Dear Matthew and Alice:
After many hours of Animal Kingdom, Wild Planet, and all those other nature programs, I still have one unanswered question concerning poisonous snakes. According to certain televised sources, the black mamba of Africa is the world's deadliest snake. Others report the Australian fierce snake, and some even say the ubiquitous sea snake is the winner. Weeks later I heard that the Australian brown snake and the African saw-toothed viper were also contenders. The confusion might stem from the fact that some sources might be ranking snakes based on the toxicity of their venom, the number of people that die from the attacks, total number of people attacked, or even the ferocity with which each snake attacks its prey. Please help me clear up this dilemma. I want to know which snake is the undisputed heavyweight champion of the most poisonous/deadliest debate.
-- Ssssssscott, the net
Many thanks for explaining why it's impossible to name the world's deadliest snake, then asking me to ignore that and name the world's deadliest snake. Snakeologists consider it a pointless debate. And anyway, you left out a few variables, most notably how much toxin is injected into the victim. Sea snakes have very toxic venom but don't deliver much in a single bite. Some snakes can even control the amount of each injection.
Luckily, none of the top candidates lives anywhere near San Diego. Unless you're one of those overhyped Survivor pinheads, or you got lost on your way home from the Olympics, it's not likely you'll need this information. Australia seems inordinately proud of the fact that every indigenous animal except the koala is lethal; and Australia is home to the fang-bearer I'll pick as top snake in the pile. But naturally, if you're in Africa with black mambas eyeing your shins, at that particular time and place the black mamba is the champ. Besides, what kind of thrilling TV documentary would it be if the narrator said, "Here we are in Africa, and oooooh, there's the dreaded black mamba, the world's 23rd most deadly snake!"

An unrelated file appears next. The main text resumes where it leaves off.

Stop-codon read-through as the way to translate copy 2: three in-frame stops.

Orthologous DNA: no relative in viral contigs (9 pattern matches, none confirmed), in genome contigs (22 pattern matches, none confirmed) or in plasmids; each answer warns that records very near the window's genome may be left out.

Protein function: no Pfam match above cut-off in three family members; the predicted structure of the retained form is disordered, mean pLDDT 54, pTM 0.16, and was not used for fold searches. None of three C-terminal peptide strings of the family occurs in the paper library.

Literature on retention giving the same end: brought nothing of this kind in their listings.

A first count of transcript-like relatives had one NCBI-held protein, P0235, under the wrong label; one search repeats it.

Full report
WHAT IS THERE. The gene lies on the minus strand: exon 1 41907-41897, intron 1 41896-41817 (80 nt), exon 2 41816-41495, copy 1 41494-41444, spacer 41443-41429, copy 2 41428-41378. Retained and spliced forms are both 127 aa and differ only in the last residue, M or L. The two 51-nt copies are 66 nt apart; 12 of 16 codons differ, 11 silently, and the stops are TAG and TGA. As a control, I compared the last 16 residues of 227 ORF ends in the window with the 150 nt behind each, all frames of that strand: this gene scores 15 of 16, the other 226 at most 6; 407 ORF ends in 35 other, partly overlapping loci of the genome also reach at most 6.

Let's use pure toxicity as our measure. That's as arbitrary as any other. Until something more humane can be devised, the standard test of toxicity is an ugly, animal-based study called the LD-50. It gives you a measure of how much venom it takes to wipe out half the critters in your lab. Results are given in milligrams of venom per kilogram of body weight. There are six basic components of snake venoms, and each species has its own particular chemical cocktail. The LD-50 champs deliver neurotoxins that have a paralytic effect on a victim. (Other components damage blood cells, blood vessels, body tissue, or prevent blood clotting.)
Top snake in the subcutaneous LD-50 test is Australia's inland taipan, a.k.a. the fierce snake (0.025 mg/kg). Second is Australia's eastern brown snake (0.036). Third through fifth are various warm-water sea snakes (0.044 to 0.079). Sixth is Australia's coastal taipan, (0.106). Your saw-scaled (not saw-toothed) viper comes in 13th (0.151), and the black mamba 23rd (0.32). Of course the inland taipan lives far from human populations, so... The mamba is fast, easily irritated, delivers a lot of venom, and lives near people, but the neighboring, less-toxic puff adder kills more people, so... If you want a more relevant sub-q LD-50, the western diamondback rattlesnake ranks 76th (18.5). The Mexican rattler is 52nd at 2.8. Until I have a train ticket to southwest Australia, they're the deadliest snakes in my world.